Published in the Fort Worth Star Telegram on September 22, 2009: 

Coastal Subsidies Cost Inland Consumers

 It is time for some straight talk about homeowners insurance in Texas.  Most consumers are not aware that their premiums are higher than they should be because state politicians chose to make some consumers subsidize others. 

 Over the years, the state insurance commissioner has not allowed insurers to set coastal rates more in line with risks, instead requiring that premiums be set below cost.  No matter the industry or service, when government officials set rates below costs, shortages always result.  In this case, below-cost pricing has led to the lack of available insurance for consumers living predominantly in coastal areas.  In order to fix these shortages caused by government regulations, two programs were instituted to make insurance more available in some coastal areas – namely, the Texas Wind Insurance Association (TWIA) and the Texas Fair Access to Insurance Requirements (FAIR). 

 But here lies the problem: the Texas Insurance Commissioner, appointed by the Governor, has the authority to approve or disapprove all rate filings submitted by either TWIA or the Texas FAIR Plan.  Consequently, the current rates for these two programs are far below the actual cost of insuring these properties, leaving other policy holders in Texas responsible for picking up the real costs.  This is because when claims exceed premiums for these state-run plans, private insurance companies are assessed the difference, which they charge to their other policy holders. 

 Governor Perry and Insurance Commissioner Geeslin need to do the right thing for Texas consumers, not the politically expedient thing, and allow these rates to become more aligned with the costs.  Charging predatory rates reduces competition and consumer choice, encourages more coastal development at the detriment of inland development, reduces natural coastal storm barriers, increases storm loss that other consumers must reimburse, raises insurance rates across the state, and puts more lives at risk.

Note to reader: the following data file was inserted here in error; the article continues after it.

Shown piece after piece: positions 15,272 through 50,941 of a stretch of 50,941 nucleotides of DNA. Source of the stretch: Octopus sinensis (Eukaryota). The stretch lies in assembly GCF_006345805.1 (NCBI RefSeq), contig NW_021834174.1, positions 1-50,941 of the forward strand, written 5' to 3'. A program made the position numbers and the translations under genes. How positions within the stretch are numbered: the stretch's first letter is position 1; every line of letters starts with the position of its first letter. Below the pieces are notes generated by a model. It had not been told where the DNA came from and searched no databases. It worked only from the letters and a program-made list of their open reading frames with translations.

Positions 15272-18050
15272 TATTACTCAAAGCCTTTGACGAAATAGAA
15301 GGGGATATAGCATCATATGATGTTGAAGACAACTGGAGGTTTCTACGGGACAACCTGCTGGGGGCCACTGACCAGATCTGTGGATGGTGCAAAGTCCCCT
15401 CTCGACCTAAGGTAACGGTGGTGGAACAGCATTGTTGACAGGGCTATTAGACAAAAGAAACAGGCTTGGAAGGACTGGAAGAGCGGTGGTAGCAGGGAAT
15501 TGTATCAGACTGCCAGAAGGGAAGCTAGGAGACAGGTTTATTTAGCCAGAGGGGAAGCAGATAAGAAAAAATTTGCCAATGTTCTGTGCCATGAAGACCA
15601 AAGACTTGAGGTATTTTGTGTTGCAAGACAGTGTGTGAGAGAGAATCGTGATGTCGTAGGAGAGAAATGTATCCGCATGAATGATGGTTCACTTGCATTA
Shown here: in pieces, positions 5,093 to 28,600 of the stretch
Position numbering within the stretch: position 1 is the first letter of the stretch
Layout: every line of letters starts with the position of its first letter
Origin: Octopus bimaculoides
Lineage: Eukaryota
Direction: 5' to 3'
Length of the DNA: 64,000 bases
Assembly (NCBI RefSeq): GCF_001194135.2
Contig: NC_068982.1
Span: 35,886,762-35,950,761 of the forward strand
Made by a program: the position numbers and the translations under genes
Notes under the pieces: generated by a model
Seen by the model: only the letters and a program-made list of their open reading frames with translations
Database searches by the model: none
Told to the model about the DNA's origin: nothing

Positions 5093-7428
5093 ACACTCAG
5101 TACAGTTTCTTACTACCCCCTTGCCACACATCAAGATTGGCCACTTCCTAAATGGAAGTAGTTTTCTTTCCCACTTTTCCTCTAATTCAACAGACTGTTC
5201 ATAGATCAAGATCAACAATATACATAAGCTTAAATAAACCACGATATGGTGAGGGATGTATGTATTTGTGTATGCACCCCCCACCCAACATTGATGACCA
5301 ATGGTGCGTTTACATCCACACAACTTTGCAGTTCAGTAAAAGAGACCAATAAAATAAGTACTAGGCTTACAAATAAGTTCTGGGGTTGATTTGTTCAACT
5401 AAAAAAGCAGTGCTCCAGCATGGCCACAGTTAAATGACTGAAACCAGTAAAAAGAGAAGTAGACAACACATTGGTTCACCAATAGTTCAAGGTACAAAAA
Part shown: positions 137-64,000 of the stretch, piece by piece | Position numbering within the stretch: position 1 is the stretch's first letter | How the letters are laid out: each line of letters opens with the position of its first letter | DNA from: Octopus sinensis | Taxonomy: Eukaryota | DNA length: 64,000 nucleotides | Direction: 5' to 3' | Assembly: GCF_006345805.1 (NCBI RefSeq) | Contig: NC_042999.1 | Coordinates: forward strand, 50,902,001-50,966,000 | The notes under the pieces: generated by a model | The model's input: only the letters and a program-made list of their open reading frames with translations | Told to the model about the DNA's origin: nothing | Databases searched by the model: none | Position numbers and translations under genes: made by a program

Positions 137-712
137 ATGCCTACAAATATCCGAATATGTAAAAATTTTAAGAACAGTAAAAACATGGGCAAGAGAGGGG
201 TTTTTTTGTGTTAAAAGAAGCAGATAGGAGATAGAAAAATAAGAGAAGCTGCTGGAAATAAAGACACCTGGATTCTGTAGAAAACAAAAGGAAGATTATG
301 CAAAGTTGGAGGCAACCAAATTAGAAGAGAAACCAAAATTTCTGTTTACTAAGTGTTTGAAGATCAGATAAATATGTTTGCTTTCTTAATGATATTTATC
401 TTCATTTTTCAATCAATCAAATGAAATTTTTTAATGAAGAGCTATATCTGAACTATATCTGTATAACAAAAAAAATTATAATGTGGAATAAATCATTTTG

The TWIA board has recommended a 10% premium increase to bolster the severely financially-distressed wind pool fund, an increase that experts estimate to be only a partial step towards solvency.  The Texas FAIR Plan board (made up of the same people as the TWIA board) is proposing a 19.5% increase in premiums, but will still leave the plan more than 40% in the red.  While it is easy for the Commissioner to hold prices artificially low in the name of saving some consumers money, this is merely a bait-and-switch tactic that makes the vast majority of Texas insurance-consumers secretly pay more by underfunding these programs. 

 The FAIR Plan allows homeowners to have up to seven insurance claims in a three-year period before they are rejected, a fact that demonstrates the foolishness of these plans in not addressing the problem, only exacerbating it.  The bottom line is that both the FAIR Plan and TWIA should have rates more in line with risk and discourage, to paraphrase the New Testament, “a foolish man from building on sand.”  The Governor and Commissioner need to stop the foolishness and make these programs financially solvent. 

 The problem with coastal insurance in Texas is not one of market failure, but government failure; and the shortage of available insurance that these programs seek to correct is primarily the product of the Commission’s own doing.